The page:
Effects of organic wastewater contaminants on aquatic macroinvertebrates: Implications for future toxicity testing



Journal Title

Journal ISSN

Volume Title



Organic wastewater contaminants (OWCs), including many known endocrine disruptors (EDs) and pharmaceuticals, have been detected in North American surface waters and are cause for toxicological concern. OWCs are not meant to be targeted or applied to the environment, so they haven’t been scrutinized or subjected to mandated testing regarding possible adverse environmental effects. OWCs of concern include EDs which have been shown to exert sublethal effects at environmentally relevant exposure concentrations in a wide range of vertebrate test species. The observed sublethal effects may, in turn, have effects on the fitness of exposed populations and potential community level consequences. Unfortunately, fewer studies have been aimed at understanding the effects of endocrine disruptors on invertebrates. In many systems invertebrates are important components serving a variety of ecosystem roles. Mollusks, particularly, have strong impacts on primary producers, can be the primary food source for small carnivores and can dominate macroinvertebrate biomass. Crustaceans are another class of important freshwater invertebrates. Daphnia, for example, are a frequently used test species in aquatic toxicology; they have short generation times and play a significant role in freshwater communities. My objective was to evaluate the effects of commonly found OWCs on life history traits in the freshwater gastropod, Physa pomilia, and the freshwater zooplankton, Daphnia magna. To address this objective, two model organisms were monitored after exposure to 17-α ethynylestradiol (EE2) and Fluoxetine. 17-α ethynylestradiol (EE2) is a synthetic hormone found in many forms of birth control { running header} Texas Tech University, Tamara O. Luna, August 2012 v and fluoxetine is selective serotonin reuptake inhibitor used as an antidepressant. I quantified total egg masses laid, total eggs laid, hatching success, body size, time to first reproduction, and mortality. In snails, I found for EE2 that time at first reproduction, hatching success, egg mass and total egg production all showed treatment-related effects and that the second generation showed a stronger adverse response than the first generation. In the fluoxetine experiments we found that total egg masses laid per snail, total eggs laid per snail, hatching success, size, time to first reproduction, and mortality were affected but the observed effects were mainly in the second generation. Furthermore, the second-generation snails exposed to fluoxetine did not display a typical, monotonic dose response which has similarly been observed by others and suggests endocrine disrupting activity. In the Daphnia study, EE2 decreased neonates per brood at the lowest concentration. Fluoxetine decreased total broods per Daphnia and time to death at the highest tested concentration. The mixture showed effects that both chemicals elicited separately; neonates per brood, total brood and time to death were all decreased in the highest mixture concentrations. Overall, the results provide additional insight into the effects of OWCs on important freshwater invertebrates and point to the importance of exposure duration in the design and implementation of toxicity studies.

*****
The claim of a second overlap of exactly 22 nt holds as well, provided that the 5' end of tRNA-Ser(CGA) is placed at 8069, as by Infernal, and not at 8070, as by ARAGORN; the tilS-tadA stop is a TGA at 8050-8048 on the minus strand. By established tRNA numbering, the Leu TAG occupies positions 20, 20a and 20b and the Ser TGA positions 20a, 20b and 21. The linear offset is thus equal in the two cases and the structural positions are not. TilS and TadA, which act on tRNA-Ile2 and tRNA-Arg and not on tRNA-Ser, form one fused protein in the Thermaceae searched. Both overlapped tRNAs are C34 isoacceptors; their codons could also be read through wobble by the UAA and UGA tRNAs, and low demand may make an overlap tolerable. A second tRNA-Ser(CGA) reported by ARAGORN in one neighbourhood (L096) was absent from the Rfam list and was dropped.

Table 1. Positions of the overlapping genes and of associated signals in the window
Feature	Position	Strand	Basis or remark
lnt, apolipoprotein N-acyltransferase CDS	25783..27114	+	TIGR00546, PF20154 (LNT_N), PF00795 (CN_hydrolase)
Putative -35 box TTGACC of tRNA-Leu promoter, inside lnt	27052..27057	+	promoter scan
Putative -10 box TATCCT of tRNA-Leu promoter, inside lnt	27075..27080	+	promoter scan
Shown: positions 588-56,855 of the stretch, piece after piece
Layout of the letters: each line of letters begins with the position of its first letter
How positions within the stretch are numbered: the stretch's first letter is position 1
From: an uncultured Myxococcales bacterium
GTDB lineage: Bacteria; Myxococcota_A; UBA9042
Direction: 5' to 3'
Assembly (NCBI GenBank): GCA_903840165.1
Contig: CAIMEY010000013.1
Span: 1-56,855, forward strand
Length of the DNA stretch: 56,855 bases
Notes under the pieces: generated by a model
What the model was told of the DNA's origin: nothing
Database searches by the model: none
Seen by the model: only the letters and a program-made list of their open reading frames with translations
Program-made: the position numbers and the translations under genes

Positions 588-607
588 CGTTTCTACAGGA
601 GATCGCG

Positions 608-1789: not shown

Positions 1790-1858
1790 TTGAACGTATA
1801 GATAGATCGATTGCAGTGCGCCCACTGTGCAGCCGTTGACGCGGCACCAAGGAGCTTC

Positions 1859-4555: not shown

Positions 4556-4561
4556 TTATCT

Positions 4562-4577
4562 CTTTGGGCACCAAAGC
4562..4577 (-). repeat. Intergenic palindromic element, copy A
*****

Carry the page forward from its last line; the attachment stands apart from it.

17-α ethynylestradiol, Endocrine disruptor, Fluoxetine, Pharmacueticals and personal care products